Introduction to Convolutional Neural Networks

Original article was published on Deep Learning on Medium

Introduction to Convolutional Neural Networks


Convolutional Neural Networks are a part of Deep Learning which is employed in image recognition, image classification, object detection, etc. These take an image as input, processes it, and classify it under certain categories.

Here every image is passed through a series of filters, pooling, flattening, and a fully connected layer and apply as the softmax activation function to classify an object with probabilistic values between 0 and 1.

The main reason for applying softmax function is that, as an example, if we are classifying a cat and dog, and let’s say we got a probability that the image is a dog as 0.80 and cat as 0.35. It doesn’t sum to 1 and doesn’t make sense. To overcome it we use softmax function what it does is, It takes the values from the last layer of the hidden layer and then scales the values in between 0 and 1 and make sure it sums to 1.

How CNN works

1.Convolution Layer

It is the first layer to extract features from the image. It keeps the relation between pixels by learning image features using small squares of input data. It extracts features such as edges, corners from the input image.

It performs a dot product between the two matrices, one is the kernel and the other is the portion of the image. The kernel can be of any size but in the visualization shown below the kernel is of size 3 by 3 matrix. It moves from left to right till the end of the image and if any values match with the kernel values, that count is added in the feature detector. If anyone value matches we place 1 at the respective position and if any two values are matched with the kernel we place 2 in the feature detector i.e in the resultant matrix. The representation can be shown below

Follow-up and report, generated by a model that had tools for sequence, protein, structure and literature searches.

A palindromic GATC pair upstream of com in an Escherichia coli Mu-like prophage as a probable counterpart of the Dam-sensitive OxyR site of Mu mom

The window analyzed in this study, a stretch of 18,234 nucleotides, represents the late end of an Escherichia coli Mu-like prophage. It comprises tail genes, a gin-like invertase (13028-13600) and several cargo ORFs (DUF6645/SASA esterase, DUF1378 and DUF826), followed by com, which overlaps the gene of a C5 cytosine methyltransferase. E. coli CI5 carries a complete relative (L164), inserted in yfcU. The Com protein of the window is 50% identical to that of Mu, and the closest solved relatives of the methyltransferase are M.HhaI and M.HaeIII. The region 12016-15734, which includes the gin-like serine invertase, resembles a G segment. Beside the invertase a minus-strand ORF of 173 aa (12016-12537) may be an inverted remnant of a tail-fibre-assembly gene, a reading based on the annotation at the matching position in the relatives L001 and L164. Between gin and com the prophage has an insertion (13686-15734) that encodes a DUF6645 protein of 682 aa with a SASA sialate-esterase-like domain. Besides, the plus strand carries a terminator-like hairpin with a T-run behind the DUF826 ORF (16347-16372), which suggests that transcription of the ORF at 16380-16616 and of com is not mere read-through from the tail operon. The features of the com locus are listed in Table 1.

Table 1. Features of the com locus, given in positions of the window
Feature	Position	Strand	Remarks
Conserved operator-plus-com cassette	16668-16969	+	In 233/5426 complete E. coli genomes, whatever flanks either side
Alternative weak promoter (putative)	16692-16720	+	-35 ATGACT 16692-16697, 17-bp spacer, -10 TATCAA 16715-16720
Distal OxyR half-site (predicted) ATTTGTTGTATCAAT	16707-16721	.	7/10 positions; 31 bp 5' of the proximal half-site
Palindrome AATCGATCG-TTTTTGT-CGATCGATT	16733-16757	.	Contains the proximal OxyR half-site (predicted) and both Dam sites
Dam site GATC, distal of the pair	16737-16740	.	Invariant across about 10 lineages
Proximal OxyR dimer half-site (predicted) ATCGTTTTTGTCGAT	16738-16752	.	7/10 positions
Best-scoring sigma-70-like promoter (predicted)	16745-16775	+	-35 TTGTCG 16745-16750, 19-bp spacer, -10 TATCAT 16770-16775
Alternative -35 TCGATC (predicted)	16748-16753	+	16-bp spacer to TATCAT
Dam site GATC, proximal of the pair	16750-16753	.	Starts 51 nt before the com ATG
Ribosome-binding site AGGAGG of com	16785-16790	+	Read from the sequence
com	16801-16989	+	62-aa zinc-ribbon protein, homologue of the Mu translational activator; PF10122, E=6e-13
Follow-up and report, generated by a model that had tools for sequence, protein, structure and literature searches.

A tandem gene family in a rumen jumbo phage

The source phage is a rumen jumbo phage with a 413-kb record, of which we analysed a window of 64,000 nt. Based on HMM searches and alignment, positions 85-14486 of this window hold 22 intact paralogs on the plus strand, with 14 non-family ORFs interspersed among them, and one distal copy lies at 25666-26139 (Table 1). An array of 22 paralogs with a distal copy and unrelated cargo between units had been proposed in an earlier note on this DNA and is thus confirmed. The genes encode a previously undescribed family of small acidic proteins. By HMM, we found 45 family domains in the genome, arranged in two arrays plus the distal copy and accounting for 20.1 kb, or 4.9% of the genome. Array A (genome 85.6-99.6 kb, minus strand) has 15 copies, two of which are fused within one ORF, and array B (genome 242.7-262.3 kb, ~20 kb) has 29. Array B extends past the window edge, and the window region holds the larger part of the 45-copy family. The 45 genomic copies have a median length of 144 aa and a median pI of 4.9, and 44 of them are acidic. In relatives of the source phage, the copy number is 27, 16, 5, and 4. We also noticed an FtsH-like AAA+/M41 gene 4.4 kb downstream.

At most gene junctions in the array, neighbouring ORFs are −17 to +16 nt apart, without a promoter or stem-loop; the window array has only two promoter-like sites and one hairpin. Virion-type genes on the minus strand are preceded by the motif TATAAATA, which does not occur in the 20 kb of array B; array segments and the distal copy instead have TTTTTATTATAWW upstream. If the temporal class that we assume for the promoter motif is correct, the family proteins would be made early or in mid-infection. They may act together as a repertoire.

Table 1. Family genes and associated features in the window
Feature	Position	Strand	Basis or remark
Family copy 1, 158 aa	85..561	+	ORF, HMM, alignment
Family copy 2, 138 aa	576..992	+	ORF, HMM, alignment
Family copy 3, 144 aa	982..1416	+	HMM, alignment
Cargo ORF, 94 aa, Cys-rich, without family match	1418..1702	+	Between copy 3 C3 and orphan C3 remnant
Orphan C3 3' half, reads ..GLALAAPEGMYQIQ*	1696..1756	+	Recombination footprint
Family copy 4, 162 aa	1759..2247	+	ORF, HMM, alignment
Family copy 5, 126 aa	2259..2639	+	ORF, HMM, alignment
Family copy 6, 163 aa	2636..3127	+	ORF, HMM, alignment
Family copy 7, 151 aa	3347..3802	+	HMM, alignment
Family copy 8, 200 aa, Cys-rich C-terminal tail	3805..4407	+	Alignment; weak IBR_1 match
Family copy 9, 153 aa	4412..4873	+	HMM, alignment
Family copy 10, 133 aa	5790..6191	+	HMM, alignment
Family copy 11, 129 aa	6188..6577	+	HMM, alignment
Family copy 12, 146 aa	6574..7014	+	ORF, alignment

Stride: It is the number of pixels by which we slide our filter matrix over the input matrix. When the stride is 1 then we move the filters one pixel at a time.

Padding is adding zeros so as to fit it for the stride.

Relu Layer

RelU activation function

We apply a Rectifier function to the Feature Map i.e the Convolved Feature to add Non-Linearity to our image. The reason why we apply non-linearity is, Initially the images are highly non-linear in nature but when we apply Convolution to create Feature Maps, there is a risk that it might create something linear and erases non-linearity. So to make image non-linear we apply rectifier function.

2.Max Pooling

In this layer, the dimensionality of the feature map gets reduced by 75% keeping important information. pooling can be of different types:

  • Max Pooling
  • Average Pooling
  • Sum Pooling

Mostly we use Max pooling, pooling won’t only reduce the size by 75% but also prevents overfitting and helps us a lot in terms of processing.



It breaks the spatial structure of the data and transforms your two-dimensional data into one dimensional. This is done to feed the output of CNN to the fully connected network(to classify features learned by CNN) or to feed output to the softmax function to get the probability.

4. Fully Connected layer

It is a simple feedforward Neural Network, these are the last few layers in the model. The output from the final pooling layer is flattened and then fed into a Fully connected layer. The role of this layer is to take the results from the flatten layer and use them to classify the image to its corresponding label.

Till now we have highlighted some important features of the image and reduced the sized and removed some unnecessary features to speed up the process but didn’t classify an image yet.

In the above diagram, the feature map matrix is converted as a vector, with fully connected layers, we combine all these features together to create a model. We have an activation function such as softmax or sigmoid to classify the outputs as a cat, dog, car, truck, etc.,

That’s all for now, hope you enjoyed the post. In my next blog, we will discuss about Recurrent Neural Networks.